A different kind of Halloween haul
The Grade 7 students aren’t collecting candy this year – they are making Halloween gluttony good by collecting food for those in need instead.
Erika Brummel, Hannah Skrinar, Ellie Burt, Ariel Falbo-Guida and Sophia Malbarosa started the L.U.V. (Lift Ur Voice) group at Allan Drive last week with a mission to give back to their community.
With Halloween coming up, they saw it as the perfect opportunity to kick-start their project. They will comb the streets Wednesday with a wagon in tow, collecting non-perishable food items for Caledon Community Services.
“We just thought it was a really good place to start,” said 12-year-old Brummel about their Halloween plans. The group wasn’t initially planning on going trick-or-treating, but had a recent change of heart.
“With not go for a good cause?” she said.
After hearing several stories of struggle from Caledon OPP Officer Christina Sanghra during a gang resistance program G.R.E.A.T. (Gang Resistance Education And Training), the girls wanted to do something to help other people.
The idea to create the group came up one day at lunchtime. They all wanted to do something to help others, but didn’t exactly know how to do it.
After speaking with Sanghra and the school’s guidance counsellor, they decided to start the group.
“I thought it was absolutely a great idea,” said Sanghra, adding that she was immensely proud of the girls. “1 felt that they have a real heart.”
Sanghra is the officer in charge of facilitating the G.R.E.A.T. program, which is an eight-week course for Grade 7 students with the goal of gang and violence prevention.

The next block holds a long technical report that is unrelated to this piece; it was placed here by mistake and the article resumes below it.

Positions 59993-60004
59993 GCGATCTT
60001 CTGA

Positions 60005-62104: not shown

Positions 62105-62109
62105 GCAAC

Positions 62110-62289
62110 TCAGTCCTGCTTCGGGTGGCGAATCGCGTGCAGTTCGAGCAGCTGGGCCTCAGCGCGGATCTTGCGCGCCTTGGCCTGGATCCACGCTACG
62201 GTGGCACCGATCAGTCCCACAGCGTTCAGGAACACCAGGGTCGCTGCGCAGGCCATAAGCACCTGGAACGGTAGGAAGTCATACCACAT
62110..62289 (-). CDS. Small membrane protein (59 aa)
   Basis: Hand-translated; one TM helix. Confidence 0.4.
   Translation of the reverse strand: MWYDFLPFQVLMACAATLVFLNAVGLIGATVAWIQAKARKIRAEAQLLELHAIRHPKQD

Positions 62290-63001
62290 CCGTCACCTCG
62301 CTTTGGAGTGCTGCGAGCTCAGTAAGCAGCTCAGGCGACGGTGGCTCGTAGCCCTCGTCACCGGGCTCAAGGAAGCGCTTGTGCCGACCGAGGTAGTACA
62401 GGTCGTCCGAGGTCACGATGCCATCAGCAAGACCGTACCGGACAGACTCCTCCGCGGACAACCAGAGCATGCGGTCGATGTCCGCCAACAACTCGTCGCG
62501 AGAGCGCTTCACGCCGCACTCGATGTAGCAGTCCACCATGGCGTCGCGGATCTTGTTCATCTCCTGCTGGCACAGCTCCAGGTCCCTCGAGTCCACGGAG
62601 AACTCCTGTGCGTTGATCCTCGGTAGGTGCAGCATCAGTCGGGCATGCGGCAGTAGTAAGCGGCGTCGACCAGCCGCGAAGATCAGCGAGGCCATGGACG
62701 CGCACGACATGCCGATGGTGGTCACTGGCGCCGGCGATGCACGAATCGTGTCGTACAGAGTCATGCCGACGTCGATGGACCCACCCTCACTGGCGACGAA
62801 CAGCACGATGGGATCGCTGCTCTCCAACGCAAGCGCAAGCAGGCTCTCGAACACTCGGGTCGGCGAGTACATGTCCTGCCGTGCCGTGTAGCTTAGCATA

While the L.U.V. group is still in its infancy, the girls already have other students that are participating in their cause this Halloween. They hope that word will spread, so that people are prepared with food to give.
They were a little nervous at first that the group might not take off the way they want it to. So, they are “taking it slow and taking it step-by-step,” according to Burt.
“It takes time to build up your name, what you want to do and how you’re going to help,” she acknowledged.
Instead of biting off more than they can chew in the beginning, they decided to make a small, attainable goal for each month in order to stay on track.
Since they started the group less than two weeks ago, they don’t have a firm plan for after Halloween yet.
But with the strength of their convictions, it’s hard to doubt their commitment.
“I think that if everybody contributes, a community can be a lot better of a place,” said Brummel.
Not only will the community benefit, but also hopefully other kids and residents will want to help out as well, added Skrinar.
“They will realize they can [help] too,” she said.
“Helping people makes the people you’re helping happy,” said Brummel. “And it makes you happy, too.”